August 8, 2011
As the stock and bond markets open today we can expect volatility to prevail as we all adjust to the precedent setting — and humiliating —downgrade in America’s debt rating and to ongoing troubles with Europe’s debt and banking problems.
As for the drop in our debt rating, S&P’s action should not be misconstrued as the cause of a problem, but rather it is the outcome of what has concerned so many of us about our nation’s fiscal path for so long—not just recently. In that sense, this downgrade is not “new information” that should cause one to greatly re-think their long-term view unless they were ignoring these troubling signs previously. Thus, we expect a “bumpy” ride, but do not see any great immediate fallout even though business academia and insurance company regulators will have to deal with new definitions and reserve requirements now that the “risk free rate,” heretofore defined as US Treasuries, has disappeared.
Speaking specifically to our country’s fiscal path, it seems every American except those that serve us in Washington knows that painful changes must take place to get us on a more sound financial footing. Yet we know from experience that Washington does not “anticipate and lead” but rather reacts only when faced with a crisis. Perhaps the stock market drop last week and the embarrassment of our debt rating will serve up the crisis needed for Washington to act? Let’s hope so, though the early signs show they seem to be more interested in continuing to bicker over who is to blame instead of recognizing they are all on the SAME team and are all responsible.
Meanwhile, Europe remains a mess with countries like Italy and Spain acting like the next Greece, except that they are much larger economies and thus more problematic to deal with. At least in the short-run, this is a greater cause for concern than the U.S. debt rating issue which is more a matter of semantics at least for now. More closed door deliberations by France and Germany over the weekend will likely lead to more bailouts and new definitions for financings that are carefully structured to avoid use of the word “default.”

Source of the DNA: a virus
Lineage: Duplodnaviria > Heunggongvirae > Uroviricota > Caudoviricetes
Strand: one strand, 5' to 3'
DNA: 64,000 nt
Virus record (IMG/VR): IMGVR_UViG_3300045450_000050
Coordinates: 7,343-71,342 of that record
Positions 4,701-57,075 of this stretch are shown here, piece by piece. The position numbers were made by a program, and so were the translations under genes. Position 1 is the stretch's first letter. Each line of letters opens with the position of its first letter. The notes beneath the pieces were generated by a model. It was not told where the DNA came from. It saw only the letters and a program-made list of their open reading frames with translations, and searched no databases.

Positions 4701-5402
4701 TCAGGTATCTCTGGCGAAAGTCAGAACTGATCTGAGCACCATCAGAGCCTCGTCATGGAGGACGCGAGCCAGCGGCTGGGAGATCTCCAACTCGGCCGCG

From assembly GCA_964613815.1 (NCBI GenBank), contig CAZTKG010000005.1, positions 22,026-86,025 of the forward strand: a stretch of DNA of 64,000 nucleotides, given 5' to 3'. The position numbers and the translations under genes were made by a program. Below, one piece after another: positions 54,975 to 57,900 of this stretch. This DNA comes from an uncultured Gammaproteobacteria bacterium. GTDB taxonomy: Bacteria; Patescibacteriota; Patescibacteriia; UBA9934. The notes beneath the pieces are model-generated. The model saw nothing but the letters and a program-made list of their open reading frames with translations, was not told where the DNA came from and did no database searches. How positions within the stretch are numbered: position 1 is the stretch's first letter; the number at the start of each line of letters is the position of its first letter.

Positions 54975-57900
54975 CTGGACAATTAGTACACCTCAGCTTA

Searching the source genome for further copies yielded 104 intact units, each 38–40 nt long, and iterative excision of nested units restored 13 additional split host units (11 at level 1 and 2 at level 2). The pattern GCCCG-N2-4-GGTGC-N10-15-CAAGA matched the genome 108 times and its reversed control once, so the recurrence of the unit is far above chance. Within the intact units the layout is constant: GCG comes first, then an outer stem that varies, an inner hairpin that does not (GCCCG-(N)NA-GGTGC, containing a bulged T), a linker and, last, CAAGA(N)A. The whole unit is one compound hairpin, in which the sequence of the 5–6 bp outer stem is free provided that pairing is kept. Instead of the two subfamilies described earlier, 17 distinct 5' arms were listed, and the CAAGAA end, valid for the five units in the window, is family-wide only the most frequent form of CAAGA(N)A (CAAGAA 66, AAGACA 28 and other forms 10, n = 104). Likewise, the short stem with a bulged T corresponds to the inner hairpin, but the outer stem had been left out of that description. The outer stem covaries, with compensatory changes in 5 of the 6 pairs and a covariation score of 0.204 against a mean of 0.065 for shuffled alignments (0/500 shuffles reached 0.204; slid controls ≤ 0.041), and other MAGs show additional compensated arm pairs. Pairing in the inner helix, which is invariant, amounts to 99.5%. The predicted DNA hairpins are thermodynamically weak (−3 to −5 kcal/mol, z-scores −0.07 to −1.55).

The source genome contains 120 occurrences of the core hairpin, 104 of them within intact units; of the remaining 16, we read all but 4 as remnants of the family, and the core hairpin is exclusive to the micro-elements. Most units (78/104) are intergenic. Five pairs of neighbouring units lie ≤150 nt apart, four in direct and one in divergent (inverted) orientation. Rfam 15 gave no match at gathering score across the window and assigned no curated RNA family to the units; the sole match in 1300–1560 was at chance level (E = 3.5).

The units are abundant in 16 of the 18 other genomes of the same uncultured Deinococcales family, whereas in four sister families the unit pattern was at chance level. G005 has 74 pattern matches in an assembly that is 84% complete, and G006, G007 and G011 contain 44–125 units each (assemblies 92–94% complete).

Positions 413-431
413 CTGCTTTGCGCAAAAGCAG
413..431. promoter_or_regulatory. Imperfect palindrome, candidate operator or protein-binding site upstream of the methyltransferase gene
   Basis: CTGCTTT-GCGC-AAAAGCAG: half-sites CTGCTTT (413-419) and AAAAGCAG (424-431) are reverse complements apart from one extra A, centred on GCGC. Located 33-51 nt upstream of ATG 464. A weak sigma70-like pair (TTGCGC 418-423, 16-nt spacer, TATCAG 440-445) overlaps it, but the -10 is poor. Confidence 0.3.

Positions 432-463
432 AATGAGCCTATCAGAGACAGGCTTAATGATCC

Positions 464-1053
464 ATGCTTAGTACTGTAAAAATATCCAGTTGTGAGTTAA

At Hamilton Point we have been skeptical since 2008 as to whether the developed world’s economies can grow absent government stimulus. As countries like the USA, Japan and those in Europe realize that they must restructure and stop leveraging themselves at the government level, we continue to expect slower growth going forward. Thank goodness for the momentum established by emerging countries that are growing slower than at their peak, but are still highly likely to expand in the coming years.
Tactically speaking, we trimmed some equity exposure in non-customized accounts a few weeks ago and therefore have cash to reinvest when valuations hit our targets. Reflecting the level of skepticism we have maintained throughout the supposed “recovery,” we remain “underweighted” versus equity targets; still own no banks, brokerages or insurance companies; and continue to avoid the most cyclical industries like autos, airlines and others dependent upon the developed market consumer. We also remain well-diversified with holdings in gold, timber and exposure to other real assets since, over the long-term, these assets can serve as a “store of value” when governments print money. 1
Thanks for your confidence in Hamilton Point’s philosophy of diversification and quality. Your telephone call is welcomed at any time and we are pleased to offer this communication during these difficult times.
Hamilton Point is an independent registered investment advisor. This website and the material presented on it are for informational purposes only and should not be construed as personalized investment advice or as a solicitation or recommendation to buy or sell securities. Please see our full disclosure, Form Adv Part II, and Privacy Notice.
- For a full list, free of charge, of all recommendations made by Hamilton Point for the investment strategy shown during the last year, please contact us using the contact information herein. ↩